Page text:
“You serve what? Apple cider vinegar?!”
This is the first reaction that Nick and Gladys get when customers find out they operate a cider bar. It was my first reaction as well. I thought I knew alcohol, but when it comes to hard cider, I’m still a padawan.
Tucked a wee bit away from the Aguirre Avenue food explosion in BF Homes is a little bar along El Grande called Spiffy’s Grove. From the exteriors, Spiffy’s ticks all the boxes of a typical hole in the wall neighborhood bar – bean bags, long wood tables, chill music — but with one exception: their main attraction is hard cider.
No not apple cider (with vinegar!). We’re talking about hard cider. For the uninitiated (which includes most of the Philippines), we were culturally not a cider drinking country, as opposed to other countries in Asia that stocks cider as a default menu item — I’m talking about you, Singapore, New Zealand and Australia. But the irony is, Filipinos do consume drinks **like cider**. Wine coolers, flavored beers, flavored vodka belong to a similar, although in my opinion less classy niche.
Hard cider is more similar to wine in terms of production, but instead of grapes, assorted fruits are used. Because of this, ciders can serve as an entry-point into appreciating an alcoholic drink, a place that was once reserved for flavored beer.
On the menu, we tried the Crushed Apple and Getta Pear from Three Oak Cider Co. At P120.00 per bottle, these were the most affordable ciders available. Both pegged at 5% ABV, the flavors of apples and pears really stood out — and this makes Three Oaks Cider Co. the poster boy “traydor” drink as you won’t feel the buzz until you stand up. There were more complex offerings such as the Zeffer Cider Co. Tea Leaf Infused at P190.00 and is quite similar to drinking spiked iced tea. The zenith, at least for me, was the Crooked Apple which was 500ml of pure green apples at 5.2% ABV. It almost feels like drinking a glass of apple flavored sparkling wine. Half a liter bottle costs P230.00.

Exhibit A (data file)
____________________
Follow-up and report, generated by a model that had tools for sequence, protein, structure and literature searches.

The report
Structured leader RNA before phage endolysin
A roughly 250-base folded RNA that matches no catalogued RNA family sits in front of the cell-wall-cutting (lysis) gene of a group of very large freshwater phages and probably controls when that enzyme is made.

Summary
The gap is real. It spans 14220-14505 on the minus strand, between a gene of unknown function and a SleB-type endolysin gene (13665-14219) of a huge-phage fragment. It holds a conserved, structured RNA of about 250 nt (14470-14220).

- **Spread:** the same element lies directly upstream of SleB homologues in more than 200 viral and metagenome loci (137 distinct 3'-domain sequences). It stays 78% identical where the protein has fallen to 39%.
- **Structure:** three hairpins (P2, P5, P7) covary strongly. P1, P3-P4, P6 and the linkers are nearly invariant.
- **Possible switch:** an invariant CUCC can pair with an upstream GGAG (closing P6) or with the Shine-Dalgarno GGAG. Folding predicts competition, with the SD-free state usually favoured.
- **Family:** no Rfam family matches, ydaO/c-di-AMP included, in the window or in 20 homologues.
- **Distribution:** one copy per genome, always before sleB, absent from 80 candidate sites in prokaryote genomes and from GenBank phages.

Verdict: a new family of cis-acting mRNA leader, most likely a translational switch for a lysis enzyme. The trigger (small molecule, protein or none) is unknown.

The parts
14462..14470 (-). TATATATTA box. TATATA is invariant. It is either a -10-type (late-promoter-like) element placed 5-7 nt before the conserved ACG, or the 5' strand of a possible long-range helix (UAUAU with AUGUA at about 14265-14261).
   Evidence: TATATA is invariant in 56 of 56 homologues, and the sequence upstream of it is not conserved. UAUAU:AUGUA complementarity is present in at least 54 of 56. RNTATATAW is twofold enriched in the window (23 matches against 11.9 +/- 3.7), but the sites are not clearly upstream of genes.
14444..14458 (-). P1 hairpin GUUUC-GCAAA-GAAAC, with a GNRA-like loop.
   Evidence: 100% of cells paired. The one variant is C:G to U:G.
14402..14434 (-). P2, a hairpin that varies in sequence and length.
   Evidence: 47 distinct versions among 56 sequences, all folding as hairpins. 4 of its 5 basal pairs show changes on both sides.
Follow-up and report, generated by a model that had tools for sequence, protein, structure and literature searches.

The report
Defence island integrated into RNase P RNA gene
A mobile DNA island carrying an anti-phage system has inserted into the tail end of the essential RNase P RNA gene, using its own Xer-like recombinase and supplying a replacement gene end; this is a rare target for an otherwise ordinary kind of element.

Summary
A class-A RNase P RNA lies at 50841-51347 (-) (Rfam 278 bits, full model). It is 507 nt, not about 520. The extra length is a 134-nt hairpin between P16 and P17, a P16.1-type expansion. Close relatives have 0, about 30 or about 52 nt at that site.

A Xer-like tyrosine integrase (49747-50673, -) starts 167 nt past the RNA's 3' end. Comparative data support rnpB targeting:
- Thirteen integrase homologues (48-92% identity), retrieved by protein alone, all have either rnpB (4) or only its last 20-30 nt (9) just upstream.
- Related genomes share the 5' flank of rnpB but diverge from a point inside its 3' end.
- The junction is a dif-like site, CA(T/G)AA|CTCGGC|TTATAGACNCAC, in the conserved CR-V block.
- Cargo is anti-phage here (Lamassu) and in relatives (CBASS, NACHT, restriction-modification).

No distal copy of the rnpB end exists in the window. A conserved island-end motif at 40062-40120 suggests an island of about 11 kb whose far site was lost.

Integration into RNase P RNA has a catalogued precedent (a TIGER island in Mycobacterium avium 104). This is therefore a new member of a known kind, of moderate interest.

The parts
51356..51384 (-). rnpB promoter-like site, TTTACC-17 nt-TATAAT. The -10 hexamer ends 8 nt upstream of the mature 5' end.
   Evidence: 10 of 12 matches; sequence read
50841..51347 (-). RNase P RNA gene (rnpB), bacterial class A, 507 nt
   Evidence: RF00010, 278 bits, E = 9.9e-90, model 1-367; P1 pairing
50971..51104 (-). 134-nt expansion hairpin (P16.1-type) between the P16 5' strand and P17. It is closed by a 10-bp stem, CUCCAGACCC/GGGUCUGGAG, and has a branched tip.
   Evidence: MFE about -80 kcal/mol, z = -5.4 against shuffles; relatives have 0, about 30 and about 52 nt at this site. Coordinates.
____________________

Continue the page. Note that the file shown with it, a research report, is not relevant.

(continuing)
Of course they also have food.
Spiffy’s Grove sets aside the usual bar chow for two rather unique offerings: dumplings and jaffles.
Wait, you mean waffles? Nope! Jaffles are a thing in Australia. Historically linked to packing whatever you have left over from dinner and putting it in between two slices of bread, waffles has of late taken an artisanal twist (what hasn’t right?). If you remember Aristocrat’s flying saucer sandwich, it’s close to that, but the grilled bread is filled with mac and cheese, corned beef, or spaghetti!
Asked about the future of Spiffy’s (they’ve only been open for less than a year), Gladys says that she hopes to become one of the catalysts for cider culture in Manila, in the same way that specialty coffee and craft beer have become rather mainstream in less than a decade.
Spiffy’s Grove is also one of the few bars that is actually open from lunchtime onwards, so if you’re a freelancer in the south looking for a place to park yourself for hours on end, consider this!
412 El Grande Avenue, BF Homes
Call (02) 501 7765
Store Hours – 12 noon to midnight